P.s. Who knew that Hollywood would go Art Deco? Maybe they read my blog (not)? At any rate, with the release of "The Great Gatsby," there is a revival of all things jazz age. A friend went to a banquet in D.C. the other night and reported that many of the ladies there were dressed like this:

(Photo from this post)
Wishing you only good things, Neen

* Photos of the Artist Studio were sourced from the Undersized Urbanite Dollhouse contest winners' page found here, all copyrights to the photos are owned by Brae. More information may be found on Brae's blog. The photos are reproduced here under the Fair Use provisions of the U.S. Copyright Act.)

Tuesday, May 14, 2013

Ground Control to Major Tom

This has very little to do with miniatures, but it does have to do with art, and the universe, and possibly the most moving music video in history.

Canadian Commander Chris Hadfield came back to earth today from a five month mission on the International Space Station.

American Thomas Marshburn, Russian Roman Romanenko and Commander Hadfield landed as planned southeast of the town of Dzhezkazgan at 8:31 am local time.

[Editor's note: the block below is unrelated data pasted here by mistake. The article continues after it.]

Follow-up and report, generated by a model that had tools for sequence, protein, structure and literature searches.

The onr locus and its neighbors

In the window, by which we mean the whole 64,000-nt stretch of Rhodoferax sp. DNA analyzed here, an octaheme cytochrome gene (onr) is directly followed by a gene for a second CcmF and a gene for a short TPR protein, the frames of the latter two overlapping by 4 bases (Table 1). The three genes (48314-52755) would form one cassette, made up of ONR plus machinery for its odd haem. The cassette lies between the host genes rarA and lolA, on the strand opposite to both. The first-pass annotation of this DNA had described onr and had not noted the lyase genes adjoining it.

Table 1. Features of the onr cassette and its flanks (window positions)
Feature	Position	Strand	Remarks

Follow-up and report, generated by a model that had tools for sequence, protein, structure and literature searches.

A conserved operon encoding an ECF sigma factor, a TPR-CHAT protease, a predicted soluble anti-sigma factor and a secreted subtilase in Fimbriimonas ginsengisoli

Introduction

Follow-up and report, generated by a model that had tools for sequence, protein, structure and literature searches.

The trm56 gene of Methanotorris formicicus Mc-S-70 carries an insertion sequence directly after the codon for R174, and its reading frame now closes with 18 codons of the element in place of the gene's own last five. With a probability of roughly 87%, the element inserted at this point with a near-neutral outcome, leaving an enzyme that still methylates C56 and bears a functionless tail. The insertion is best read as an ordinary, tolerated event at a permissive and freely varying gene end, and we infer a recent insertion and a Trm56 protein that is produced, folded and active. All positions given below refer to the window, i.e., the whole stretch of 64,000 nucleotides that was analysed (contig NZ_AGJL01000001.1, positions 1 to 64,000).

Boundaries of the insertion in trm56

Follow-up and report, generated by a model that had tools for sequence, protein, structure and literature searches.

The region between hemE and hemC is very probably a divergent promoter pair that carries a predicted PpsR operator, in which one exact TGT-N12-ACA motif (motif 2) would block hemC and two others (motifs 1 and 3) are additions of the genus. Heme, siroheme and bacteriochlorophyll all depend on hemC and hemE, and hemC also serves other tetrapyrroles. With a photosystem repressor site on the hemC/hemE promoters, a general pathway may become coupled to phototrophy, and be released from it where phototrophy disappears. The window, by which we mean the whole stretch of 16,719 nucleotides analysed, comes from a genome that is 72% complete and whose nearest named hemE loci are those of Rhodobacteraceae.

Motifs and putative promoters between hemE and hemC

Hadfield, 53, an engineer and former test pilot from Milton, Ontario, was Canada's first professional astronaut to live aboard the space station and became the first Canadian in charge of a spacecraft. He relinquished command of the space station on Sunday.

Hadfield bowed out of orbit by posting a music video on YouTube on Sunday — his own custom version of David Bowie's "Space Oddity." It's believed to be the first music video made in space, according to NASA. "With deference to the genius of David Bowie, here's Space Oddity, recorded on Station. A last glimpse of the World," Hadfield said via Twitter. According to David Bowie: "It's possibly the most poignant version of the song ever created."

There's a reason I use the word "universe" in my blog name, it's because I believe in technology, and the future and I think a commitment to exploring space is the only way this planet of ours will ever get past the poverty and wars that hold us back.

The technology that evolved from the 1960s space race shows that dollar for dollar, spending money on space exploration is so much more fruitful than spending on wars, and fewer people die....

(Above and below, actual drawings from a 1970s NASA project on potential colonization of space)

(The first two, and last two, photos courtesy of the NASA Ames Research Center)

Whether you agree with me or not, please enjoy the video produced by Commander Hadfield, his son Evan, and NASA, found here